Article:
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glassgowkiss

Applauding risk acceptance beyond your own limits

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High stakes in that competition.  It's all fun until.....

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the fact the new guy has already hurt himself badly on several occasions seems a pretty clear indication of where that'll ened up, and soon...

 

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Brad has been doing what he's been doing for years, he's not much of an up and comer, or "new guy". As far as where he's ending up soon, my guess is the valley. The season is almost here.

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Posted (edited)
On 3/16/2018 at 9:38 AM, CascadeClimber said:

My experience with reports and pits are that they are far, far too generalized to helpfully predict conditions that are highly localized. You can dig a pit that is entirely solid, go 50 feet around a corner and get the chop from a wind slab. In some ways, people with a ton of education about avy risk assessment seem to get into more trouble because they become over-confident about the accuracy of what I see as severely flawed assessment procedures.

Agree.

Understanding the basic science of stable-unstable systems and the variables that affect that system are helpful in performing risk analysis.

Snow, (complex natural system)stability-instability is an energy equation with many variables to consider.

I find it useful to know what those variables are within the system, how they interact, and keep track of those variables  as consistently as possible.

Pits can not and should not be considered a short cut to what really needs to be learned and the time needed to observe the mountains.

I wonder how many people give pits alot of weight in risk analysis, even though all the material on the subject warns against that practice?

For a simple read at k-12 level (my level)

https://www.google.com/url?sa=t&source=web&rct=j&url=https://ngss.sdcoe.net/Disciplinary-Core-Ideas/DCI-Physical-Sciences/PS2C-Stability-and-Instability-in-Physical-Systems&ved=2ahUKEwjAqZ3m8oraAhUDzmMKHWhuAn8QFjAAegQICBAB&usg=AOvVaw297Ih2hWtyCP2zm6REpEZG

Story to convey just a few variables.

A friend of mine, years ago, dug a pit at the top of south side Blue Peak, Wa Pass, after the group skied and skinned back up. He cracked the supporting crust, most likely at the weakest point on that slope and the whole slope avalanched to the ground and ran it's historical path down to Copper Creek.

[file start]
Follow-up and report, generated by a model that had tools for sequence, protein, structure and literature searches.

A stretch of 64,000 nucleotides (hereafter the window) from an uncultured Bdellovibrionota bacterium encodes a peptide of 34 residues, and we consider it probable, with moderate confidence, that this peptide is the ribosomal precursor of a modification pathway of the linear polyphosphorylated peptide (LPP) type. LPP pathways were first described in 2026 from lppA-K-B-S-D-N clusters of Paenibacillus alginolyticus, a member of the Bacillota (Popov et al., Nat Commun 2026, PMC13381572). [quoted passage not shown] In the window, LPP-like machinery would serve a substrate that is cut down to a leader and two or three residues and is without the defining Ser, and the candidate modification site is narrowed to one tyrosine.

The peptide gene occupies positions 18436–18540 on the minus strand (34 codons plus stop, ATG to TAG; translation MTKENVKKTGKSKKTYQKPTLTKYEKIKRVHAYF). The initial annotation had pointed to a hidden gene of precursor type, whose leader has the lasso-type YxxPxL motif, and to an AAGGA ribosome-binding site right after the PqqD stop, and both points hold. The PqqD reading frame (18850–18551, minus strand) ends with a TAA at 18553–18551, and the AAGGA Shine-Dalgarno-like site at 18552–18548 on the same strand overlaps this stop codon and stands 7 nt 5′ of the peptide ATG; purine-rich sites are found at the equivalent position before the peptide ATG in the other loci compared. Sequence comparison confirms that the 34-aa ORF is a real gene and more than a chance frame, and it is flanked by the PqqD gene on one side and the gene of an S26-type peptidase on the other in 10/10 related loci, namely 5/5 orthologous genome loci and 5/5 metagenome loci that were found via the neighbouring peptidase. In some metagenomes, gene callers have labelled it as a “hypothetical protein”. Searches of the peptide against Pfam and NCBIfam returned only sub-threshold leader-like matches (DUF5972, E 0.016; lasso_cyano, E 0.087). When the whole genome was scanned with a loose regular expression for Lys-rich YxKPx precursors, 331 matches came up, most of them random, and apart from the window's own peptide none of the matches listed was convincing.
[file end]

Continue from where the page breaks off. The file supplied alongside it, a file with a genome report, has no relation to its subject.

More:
Based upon consistant observation of the variables at the time, that slope was off my "to do list".

I was skiing same south aspects at lower altitutudes, less steep, more anchors, Same basel weak layer  typical of early snow followed by extended artic air mass.


 

 

 

 

 

Edited by Chris Hopkins
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I think the issues with BC skiers is not their over reliance on pits as the sole predictive element but rather several other errors in judgement that usually ignore the warnings that things like a pit and avi forecasts provide.  A good book o this is http://avalanchepatch.com/

 

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1 hour ago, genepires said:

I think the issues with BC skiers is not their over reliance on pits as the sole predictive element but rather several other errors in judgement that usually ignore the warnings that things like a pit and avi forecasts provide.

That's certainly true in many instances @genepires, but the ones the scare me the most are where nothing pointed to a problem.....until there was one.  As @CascadeClimber said earlier, there is a lot of variability out there on the snowy landscape and sometimes it catches up to even the best.

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Posted (edited)
4 hours ago, JasonG said:

That's certainly true in many instances @genepires, but the ones the scare me the most are where nothing pointed to a problem.....until there was one.  As @CascadeClimber said earlier, there is a lot of variability out there on the snowy landscape and sometimes it catches up to even the best.

Well I suppose it is lucky that the vast majority of avalanche incidents had 2 or more obvious signals screaming at people to run away.  there is a paper about heuristics done years ago that analyzed accidents and apply to concept of heuristics to it.  very good read if you have not read it yet.  take away was that we should keep eyes and ears open to what nature is telling us, always.  and watch the avi forecast.

Don't get me wrong I am not saying that fluke accidents do not happen.  But the statistics show that in most cases, we ignore the obvious for whatever reasons.   so don't fret about that possibility where nothing points to a problem.  fret about the conditions that promote the ignoring of signs.  Familiarity being the biggest one.

Edited by genepires

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This is a great thread; one of the best things I've read on cc.com in a long time. I'm very sorry to hear about Marc and Ryan. I think it's a social problem that some find discussing risk to be disrespectful of their memories.